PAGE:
Environmental Protection

Designers, Builders Continue to Support Green Construction

The 4th Annual Green Building Survey by Allen Matkins, Constructive Technologies Group (CTG) and the Green Building Insider found a large majority of respondents continue to strongly endorse green building (96 percent in 2007, 93.5 percent in 2008 and 92.3 percent in 2009) despite the recession.

The survey, completed by more than 1,600 design and construction professionals from across the nation, addressed current attitudes toward green building, its risks, costs, certification processes and trends.

Support for LEED1 certification slipped 11 percent in 2008 and 4.7 percent in 2009 to 62 percent. Cost is a major driver for green building in this economic downturn, with the gap between support for green construction and LEED certification growing over the past two years. Nonetheless, the level of support for LEED certification remains high, compared to the US Green Building Council’s original mission statement: LEED was launched as a market transformation tool, with a goal of representing the top 25 percent of all construction projects.

While the recession challenged the volume of green construction, it pushed projects to look for financial advantage: Saving energy and other operating expenses was the No. 1 reason for building green projects.

Green building is perceived to have greater construction risks than non-green construction, despite the fact that LEED-mandated building tests known as commissioning actually reduce the risk of building system failure. According to the survey, the top strategies to reduce the risks of green building are:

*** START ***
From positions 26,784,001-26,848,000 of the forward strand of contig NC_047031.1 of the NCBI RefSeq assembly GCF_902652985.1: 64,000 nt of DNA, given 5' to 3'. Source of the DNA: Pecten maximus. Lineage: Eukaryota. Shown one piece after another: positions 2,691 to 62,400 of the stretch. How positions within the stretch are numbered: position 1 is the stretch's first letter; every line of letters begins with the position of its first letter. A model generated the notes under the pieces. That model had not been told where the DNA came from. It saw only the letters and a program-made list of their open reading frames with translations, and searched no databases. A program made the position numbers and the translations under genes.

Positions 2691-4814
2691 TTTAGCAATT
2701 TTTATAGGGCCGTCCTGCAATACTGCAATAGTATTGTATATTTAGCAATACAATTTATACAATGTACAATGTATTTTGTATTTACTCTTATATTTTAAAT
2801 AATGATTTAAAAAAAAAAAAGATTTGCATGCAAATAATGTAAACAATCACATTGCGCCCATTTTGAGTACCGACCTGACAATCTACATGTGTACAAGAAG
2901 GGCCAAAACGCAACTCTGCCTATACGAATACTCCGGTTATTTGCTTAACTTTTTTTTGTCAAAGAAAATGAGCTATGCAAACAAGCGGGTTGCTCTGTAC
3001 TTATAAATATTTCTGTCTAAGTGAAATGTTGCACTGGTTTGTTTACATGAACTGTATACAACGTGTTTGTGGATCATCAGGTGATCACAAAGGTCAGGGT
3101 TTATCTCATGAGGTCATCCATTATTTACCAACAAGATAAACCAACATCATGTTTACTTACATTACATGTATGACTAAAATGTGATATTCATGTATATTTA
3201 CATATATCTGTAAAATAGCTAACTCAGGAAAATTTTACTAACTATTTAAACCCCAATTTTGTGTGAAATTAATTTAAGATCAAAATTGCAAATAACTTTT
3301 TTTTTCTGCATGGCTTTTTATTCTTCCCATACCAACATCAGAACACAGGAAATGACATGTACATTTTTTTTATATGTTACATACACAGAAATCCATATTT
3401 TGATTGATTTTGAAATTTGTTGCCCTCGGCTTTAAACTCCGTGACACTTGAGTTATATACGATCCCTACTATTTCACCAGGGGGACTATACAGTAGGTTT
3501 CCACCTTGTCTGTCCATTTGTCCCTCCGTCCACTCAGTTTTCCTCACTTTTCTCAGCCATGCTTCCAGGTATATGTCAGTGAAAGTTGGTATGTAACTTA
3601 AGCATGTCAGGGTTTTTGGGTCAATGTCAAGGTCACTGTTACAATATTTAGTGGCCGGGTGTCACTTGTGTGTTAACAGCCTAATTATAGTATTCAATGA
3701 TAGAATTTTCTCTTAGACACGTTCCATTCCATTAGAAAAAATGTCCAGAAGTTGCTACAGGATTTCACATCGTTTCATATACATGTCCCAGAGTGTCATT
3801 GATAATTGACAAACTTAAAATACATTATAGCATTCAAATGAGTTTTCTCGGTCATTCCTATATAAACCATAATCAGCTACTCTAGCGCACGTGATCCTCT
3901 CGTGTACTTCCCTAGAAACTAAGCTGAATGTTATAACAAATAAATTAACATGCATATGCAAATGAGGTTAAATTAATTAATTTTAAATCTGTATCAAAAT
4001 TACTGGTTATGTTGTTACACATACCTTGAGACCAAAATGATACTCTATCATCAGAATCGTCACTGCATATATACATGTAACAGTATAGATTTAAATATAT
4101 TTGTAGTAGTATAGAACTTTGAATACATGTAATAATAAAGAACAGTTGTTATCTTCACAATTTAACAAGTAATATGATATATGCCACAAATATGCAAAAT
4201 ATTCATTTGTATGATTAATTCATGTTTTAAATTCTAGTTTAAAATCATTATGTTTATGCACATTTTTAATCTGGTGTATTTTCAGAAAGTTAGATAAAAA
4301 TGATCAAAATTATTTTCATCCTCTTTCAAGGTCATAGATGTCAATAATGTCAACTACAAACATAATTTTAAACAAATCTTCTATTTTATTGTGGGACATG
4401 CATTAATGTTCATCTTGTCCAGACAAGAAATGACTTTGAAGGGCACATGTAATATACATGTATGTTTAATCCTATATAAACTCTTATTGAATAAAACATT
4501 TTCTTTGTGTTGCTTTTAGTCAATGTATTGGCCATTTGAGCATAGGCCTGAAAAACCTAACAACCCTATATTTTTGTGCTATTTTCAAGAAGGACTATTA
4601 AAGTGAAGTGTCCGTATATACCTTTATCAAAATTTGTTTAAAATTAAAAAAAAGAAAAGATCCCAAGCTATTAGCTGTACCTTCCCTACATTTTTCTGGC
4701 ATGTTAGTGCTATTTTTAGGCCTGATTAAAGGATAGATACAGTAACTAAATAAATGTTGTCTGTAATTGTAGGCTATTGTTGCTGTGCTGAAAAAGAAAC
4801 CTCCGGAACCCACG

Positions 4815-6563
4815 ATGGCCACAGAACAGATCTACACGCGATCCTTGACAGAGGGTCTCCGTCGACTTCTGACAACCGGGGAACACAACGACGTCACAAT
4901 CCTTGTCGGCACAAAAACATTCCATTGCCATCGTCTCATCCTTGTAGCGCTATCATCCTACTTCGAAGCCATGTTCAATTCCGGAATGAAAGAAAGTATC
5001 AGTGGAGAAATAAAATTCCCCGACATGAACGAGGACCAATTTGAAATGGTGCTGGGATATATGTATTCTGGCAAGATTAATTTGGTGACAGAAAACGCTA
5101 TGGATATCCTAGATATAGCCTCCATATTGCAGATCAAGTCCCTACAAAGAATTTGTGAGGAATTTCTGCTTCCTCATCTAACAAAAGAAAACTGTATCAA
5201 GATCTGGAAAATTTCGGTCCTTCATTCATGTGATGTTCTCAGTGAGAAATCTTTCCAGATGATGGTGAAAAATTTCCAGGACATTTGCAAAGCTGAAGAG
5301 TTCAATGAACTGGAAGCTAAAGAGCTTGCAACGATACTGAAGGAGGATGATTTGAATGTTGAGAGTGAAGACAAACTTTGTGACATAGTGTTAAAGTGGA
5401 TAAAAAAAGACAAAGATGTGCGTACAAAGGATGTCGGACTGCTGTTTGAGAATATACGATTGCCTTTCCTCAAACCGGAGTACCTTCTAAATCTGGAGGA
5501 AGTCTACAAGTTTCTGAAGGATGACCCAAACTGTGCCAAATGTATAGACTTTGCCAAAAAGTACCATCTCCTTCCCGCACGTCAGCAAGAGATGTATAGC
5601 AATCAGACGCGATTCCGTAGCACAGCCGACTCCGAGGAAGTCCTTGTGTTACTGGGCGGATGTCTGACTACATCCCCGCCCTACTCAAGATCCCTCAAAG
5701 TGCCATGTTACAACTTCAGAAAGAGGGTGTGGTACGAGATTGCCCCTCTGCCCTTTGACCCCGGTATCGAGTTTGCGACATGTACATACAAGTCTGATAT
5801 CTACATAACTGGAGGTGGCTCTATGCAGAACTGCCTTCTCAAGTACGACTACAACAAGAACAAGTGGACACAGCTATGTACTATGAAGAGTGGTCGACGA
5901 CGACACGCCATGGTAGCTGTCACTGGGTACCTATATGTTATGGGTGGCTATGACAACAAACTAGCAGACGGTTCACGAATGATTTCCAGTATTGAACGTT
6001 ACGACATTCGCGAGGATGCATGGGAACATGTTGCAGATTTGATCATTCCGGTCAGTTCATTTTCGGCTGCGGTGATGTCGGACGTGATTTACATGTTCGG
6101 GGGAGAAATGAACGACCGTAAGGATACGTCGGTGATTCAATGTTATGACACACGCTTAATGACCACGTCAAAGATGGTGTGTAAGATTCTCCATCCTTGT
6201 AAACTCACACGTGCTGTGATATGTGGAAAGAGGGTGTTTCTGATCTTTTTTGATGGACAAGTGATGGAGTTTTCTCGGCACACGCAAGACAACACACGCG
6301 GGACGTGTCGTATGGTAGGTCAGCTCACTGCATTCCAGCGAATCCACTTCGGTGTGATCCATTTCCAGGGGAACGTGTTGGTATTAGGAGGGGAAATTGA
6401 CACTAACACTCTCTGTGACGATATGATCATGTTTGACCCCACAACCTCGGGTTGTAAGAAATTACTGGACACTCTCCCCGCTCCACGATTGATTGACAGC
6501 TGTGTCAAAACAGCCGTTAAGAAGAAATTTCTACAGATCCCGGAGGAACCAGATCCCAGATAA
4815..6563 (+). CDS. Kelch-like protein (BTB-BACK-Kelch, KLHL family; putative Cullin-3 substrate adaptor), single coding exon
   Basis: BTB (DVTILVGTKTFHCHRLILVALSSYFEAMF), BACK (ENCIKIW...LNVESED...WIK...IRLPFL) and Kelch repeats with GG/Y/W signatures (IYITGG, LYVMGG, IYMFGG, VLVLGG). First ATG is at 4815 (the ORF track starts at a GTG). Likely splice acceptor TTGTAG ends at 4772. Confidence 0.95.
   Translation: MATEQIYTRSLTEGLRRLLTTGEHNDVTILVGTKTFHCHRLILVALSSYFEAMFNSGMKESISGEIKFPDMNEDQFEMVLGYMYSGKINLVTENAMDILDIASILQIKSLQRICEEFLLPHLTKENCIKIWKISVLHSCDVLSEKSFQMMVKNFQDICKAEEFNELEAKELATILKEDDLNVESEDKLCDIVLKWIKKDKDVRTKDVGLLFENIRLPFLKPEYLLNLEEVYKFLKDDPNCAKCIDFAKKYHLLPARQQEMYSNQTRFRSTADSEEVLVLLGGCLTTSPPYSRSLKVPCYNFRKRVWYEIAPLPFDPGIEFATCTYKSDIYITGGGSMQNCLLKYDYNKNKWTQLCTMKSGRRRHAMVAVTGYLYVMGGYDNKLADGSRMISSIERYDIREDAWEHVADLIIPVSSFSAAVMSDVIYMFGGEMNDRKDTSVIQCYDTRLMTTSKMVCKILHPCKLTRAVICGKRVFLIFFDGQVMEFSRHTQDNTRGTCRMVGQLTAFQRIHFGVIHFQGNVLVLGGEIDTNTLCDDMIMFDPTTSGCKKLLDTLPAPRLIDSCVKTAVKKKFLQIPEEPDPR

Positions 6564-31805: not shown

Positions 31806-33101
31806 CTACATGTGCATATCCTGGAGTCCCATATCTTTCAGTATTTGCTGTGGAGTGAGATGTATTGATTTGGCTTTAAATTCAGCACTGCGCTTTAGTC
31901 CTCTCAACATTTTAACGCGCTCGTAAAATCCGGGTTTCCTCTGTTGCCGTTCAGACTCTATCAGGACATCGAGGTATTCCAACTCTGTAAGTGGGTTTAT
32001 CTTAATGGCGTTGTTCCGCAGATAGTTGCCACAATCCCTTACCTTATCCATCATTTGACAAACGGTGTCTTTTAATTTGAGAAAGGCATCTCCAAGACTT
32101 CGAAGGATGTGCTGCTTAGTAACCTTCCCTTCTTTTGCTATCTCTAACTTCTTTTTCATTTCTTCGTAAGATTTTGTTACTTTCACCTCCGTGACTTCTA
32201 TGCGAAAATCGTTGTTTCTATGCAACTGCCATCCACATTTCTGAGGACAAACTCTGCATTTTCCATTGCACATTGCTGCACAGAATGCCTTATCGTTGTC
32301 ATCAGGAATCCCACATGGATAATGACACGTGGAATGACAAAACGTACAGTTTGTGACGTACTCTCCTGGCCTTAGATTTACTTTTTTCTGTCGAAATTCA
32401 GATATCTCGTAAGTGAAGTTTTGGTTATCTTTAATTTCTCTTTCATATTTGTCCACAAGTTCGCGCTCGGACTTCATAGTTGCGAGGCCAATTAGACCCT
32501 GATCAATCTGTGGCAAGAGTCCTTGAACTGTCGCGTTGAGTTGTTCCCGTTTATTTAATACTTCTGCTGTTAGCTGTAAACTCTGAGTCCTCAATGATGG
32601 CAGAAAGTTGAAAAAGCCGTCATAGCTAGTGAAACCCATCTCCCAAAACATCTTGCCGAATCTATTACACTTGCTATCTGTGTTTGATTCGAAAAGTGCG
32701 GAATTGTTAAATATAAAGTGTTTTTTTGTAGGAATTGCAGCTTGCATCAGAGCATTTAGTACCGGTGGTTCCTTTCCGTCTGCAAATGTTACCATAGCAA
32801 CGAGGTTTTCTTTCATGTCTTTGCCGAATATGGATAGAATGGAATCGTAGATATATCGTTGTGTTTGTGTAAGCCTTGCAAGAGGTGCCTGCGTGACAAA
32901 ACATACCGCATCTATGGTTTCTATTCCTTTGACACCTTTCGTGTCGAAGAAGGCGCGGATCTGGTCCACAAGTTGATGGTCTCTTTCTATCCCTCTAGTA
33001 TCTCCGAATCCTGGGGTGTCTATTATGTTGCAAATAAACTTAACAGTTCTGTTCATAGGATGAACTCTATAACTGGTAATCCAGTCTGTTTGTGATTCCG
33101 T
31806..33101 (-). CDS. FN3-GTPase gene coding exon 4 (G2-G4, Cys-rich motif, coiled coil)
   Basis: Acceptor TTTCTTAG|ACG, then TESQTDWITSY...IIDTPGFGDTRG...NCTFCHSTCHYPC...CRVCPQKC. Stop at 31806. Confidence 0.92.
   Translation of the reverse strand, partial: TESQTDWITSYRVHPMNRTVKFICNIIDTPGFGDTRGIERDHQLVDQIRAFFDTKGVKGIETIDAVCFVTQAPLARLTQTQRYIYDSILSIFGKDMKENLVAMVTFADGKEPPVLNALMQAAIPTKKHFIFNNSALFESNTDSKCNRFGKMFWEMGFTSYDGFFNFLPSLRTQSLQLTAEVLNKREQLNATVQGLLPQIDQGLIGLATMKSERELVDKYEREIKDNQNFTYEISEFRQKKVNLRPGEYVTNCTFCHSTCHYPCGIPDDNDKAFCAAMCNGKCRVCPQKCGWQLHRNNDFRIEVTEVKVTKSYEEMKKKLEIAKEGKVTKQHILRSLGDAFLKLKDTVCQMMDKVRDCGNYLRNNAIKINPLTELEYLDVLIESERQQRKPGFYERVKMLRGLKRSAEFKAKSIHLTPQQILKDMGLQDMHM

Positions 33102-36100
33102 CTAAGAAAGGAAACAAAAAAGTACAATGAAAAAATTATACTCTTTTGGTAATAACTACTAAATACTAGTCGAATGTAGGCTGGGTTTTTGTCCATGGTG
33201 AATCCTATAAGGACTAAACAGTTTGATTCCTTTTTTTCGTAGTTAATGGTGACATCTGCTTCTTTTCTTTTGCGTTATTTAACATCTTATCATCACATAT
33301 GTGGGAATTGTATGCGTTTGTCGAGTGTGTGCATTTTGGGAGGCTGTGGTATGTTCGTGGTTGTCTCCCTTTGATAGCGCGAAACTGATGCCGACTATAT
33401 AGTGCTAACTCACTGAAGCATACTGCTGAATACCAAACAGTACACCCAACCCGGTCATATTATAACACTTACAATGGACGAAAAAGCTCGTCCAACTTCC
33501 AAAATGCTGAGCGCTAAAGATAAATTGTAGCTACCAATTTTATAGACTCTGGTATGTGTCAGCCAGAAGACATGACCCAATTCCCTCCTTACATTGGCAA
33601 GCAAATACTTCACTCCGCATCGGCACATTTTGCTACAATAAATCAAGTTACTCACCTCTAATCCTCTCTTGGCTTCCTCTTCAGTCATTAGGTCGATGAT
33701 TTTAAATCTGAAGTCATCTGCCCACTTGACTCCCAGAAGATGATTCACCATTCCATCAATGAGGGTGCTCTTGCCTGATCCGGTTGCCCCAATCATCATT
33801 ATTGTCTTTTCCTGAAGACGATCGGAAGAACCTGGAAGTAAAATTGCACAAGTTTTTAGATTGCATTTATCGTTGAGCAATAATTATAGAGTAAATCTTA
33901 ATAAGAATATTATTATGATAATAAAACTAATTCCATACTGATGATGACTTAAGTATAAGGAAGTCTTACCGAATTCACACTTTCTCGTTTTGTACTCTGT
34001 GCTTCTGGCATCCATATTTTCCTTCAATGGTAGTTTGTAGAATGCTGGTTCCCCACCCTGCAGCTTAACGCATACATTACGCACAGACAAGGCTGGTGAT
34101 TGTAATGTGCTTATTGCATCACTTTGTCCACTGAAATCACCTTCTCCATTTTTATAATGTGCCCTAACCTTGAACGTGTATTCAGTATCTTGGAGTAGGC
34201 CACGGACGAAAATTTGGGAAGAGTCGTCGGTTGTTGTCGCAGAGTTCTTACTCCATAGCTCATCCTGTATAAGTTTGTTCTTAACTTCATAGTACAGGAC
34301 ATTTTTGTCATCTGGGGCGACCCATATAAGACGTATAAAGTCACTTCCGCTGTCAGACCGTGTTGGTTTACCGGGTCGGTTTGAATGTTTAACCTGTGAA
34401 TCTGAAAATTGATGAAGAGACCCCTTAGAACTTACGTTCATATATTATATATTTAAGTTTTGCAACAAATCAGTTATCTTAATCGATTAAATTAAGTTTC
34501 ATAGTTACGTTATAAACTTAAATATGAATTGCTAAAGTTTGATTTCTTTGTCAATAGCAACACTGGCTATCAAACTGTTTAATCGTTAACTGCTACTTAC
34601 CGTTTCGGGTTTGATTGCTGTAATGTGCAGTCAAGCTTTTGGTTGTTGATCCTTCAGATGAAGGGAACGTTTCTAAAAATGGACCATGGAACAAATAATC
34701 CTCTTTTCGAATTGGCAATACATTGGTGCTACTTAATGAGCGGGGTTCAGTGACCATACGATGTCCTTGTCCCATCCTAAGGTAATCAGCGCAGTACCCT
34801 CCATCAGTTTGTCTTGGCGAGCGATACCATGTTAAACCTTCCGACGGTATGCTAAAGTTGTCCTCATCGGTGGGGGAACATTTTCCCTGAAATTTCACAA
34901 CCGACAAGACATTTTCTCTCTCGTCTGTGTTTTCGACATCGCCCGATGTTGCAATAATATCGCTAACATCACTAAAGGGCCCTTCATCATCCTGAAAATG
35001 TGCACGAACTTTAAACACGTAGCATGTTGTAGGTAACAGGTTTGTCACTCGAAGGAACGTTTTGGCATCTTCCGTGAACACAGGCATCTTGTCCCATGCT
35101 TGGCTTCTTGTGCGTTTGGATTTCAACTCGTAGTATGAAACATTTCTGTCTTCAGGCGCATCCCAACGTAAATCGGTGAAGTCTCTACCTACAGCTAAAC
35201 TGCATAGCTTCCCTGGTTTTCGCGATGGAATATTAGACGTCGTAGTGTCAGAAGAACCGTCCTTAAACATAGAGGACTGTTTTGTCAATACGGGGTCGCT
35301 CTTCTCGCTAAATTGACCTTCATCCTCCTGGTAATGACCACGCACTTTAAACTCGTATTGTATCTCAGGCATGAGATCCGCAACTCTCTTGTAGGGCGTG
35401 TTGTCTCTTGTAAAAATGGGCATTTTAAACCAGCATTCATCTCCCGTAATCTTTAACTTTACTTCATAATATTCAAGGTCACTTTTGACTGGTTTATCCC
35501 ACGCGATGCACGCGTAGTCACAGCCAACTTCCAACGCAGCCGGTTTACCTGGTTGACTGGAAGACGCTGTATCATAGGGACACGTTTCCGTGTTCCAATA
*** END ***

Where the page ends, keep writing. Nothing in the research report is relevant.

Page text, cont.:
• retaining green consultants (such as LEED-AP consultants),
  • measurement and re-commissioning,
  • periodic testing, and
  • contractual risk shifting.

More than half of all respondents indicated that a LEED Gold rating increased project costs by 4 percent or more, while nearly 30 percent of respondents reported the costs of LEED Gold rating at significantly lower than 4 percent. Possible explanations for the difference in reported cost premiums include the variety of local codes and professional experience in certain regions that raise the minimum standards close to LEED Gold standards, and the varying degree of difficulty in achieving a LEED Gold rating on different building types, such as hotels vs. office buildings.

The purchase of carbon offsets, which is largely voluntary today, hovered near 7 percent. "We do not expect a significant change in carbon offsets unless mandatory carbon mitigation programs are adopted at the state or federal level," said Bryan Jackson, chair of Allen Matkins’ Green and Sustainable Construction Practice Group and Adjunct Professor at USC teaching Green and Sustainable Construction.

Allen Matkins Leck Gamble Mallory & Natsis LLP is a California-based law firm.

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